• Syntax and semantic check at start. When invoking RUN command the interpreter analyses the whole program to see if there are still some errors in the code. For big programs this can take a lot of time (minute).

All the other issues listed for the other interpreters apply also here: linear search for line numbers and for variables. Garbage generating string functions with stop the world garbage collection from time to time.

  • On the base console, the Basic program was not stored in CPU addressable RAM but in the Video-RAM of the display processor -- note that there was a good reason for this: the machine had 256 bytes of CPU RAM and 16K of Video RAM.
    – occipita
    Commented Mar 11, 2023 at 20:36
  • Indeed, there was a reason for it, but I'm not sure it was a "good" one. ;-) Commented Mar 13, 2023 at 7:07

There are many things that could slow an interpreter to death, I can list them but here are a few:

  1. How it does manages the variables in memory - if the access method is fast or slow, and the number of times the program accesses them.
  2. In case of numeric variables, if and how differs between different types (bytes, words, ints, decimals).
  3. In case of having decimal support, how long they are and how are implemented (fixed vs floating point). Fixed point are always faster than floating point, but have both fewer range and resolution.
  4. If the computer has a math co-processor in the form of a floating-point unit or similar, or by the other hand if they have to operate them with a software library. Software implementations are always slower than hardware ones when using the same system. You can check it even without an interpreter if you take an old PC with 8086/8088+8087 and make a program that list the result of a large set of operations in floating point numbers first in software, then with the coprocessor.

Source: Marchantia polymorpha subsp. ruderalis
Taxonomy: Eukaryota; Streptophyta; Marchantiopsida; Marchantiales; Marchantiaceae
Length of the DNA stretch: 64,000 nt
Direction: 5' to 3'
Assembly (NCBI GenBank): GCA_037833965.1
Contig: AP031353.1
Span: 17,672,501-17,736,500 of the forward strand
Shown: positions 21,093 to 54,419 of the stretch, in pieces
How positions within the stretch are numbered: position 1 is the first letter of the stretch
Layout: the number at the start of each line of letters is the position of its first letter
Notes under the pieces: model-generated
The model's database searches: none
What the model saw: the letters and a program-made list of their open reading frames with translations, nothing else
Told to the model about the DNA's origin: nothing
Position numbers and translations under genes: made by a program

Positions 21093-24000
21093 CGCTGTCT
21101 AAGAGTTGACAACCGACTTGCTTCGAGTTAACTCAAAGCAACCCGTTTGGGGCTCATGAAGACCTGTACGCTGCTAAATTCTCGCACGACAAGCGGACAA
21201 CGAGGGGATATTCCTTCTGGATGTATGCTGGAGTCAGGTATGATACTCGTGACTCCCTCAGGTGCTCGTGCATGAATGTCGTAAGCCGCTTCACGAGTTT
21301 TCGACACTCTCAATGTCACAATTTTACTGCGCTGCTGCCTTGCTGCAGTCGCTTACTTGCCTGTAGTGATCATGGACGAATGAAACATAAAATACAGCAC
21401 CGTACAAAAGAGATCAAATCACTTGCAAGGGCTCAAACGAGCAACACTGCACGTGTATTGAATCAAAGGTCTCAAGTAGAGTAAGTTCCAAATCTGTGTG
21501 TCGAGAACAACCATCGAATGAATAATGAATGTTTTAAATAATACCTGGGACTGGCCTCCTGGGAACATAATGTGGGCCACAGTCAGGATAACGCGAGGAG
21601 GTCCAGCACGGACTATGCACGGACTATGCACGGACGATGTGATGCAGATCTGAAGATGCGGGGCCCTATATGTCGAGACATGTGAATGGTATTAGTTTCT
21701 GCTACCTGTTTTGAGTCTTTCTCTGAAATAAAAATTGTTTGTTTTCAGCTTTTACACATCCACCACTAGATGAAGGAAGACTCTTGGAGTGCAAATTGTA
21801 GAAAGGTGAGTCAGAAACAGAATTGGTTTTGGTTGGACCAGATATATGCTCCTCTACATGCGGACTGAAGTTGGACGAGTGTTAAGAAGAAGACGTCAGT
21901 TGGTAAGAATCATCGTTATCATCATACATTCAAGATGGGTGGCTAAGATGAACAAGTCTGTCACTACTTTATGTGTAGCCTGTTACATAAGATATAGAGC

5. In case of microcomputers with banking systems, how efficient is it. For instance, TA Alphatronic P2U had 16KB RAM on top of the system ROM and for every single access to screen had to disable the lower RAM to access it, then enable it again.
  6. The number of checks every command of the interpreter does at run-time. This may be the most problematic factor when building an interpreter. Unnecessary checks not may, but will slow the interpreter; but the problem not only lies with unneeded comprovations but also with necessary ones placed wrongly and, when in masse causing significant overhead.
  7. Basic specs of the computer: the frequency at which the processor operates, if the computer has slow dram which has to wait for...
  8. How many accesses the I/O devices have and if it has to wait for them.
  9. If the block operations are executed with a DMA or if the CPU takes responsibility. A couple of clock cycles per operation may not seem a lot, but when you have hundreds or thousands of transfers it pays back.
  10. Specifically to timers, if they are implemented with an interrupt-driven clock or are implemented using cycle-counting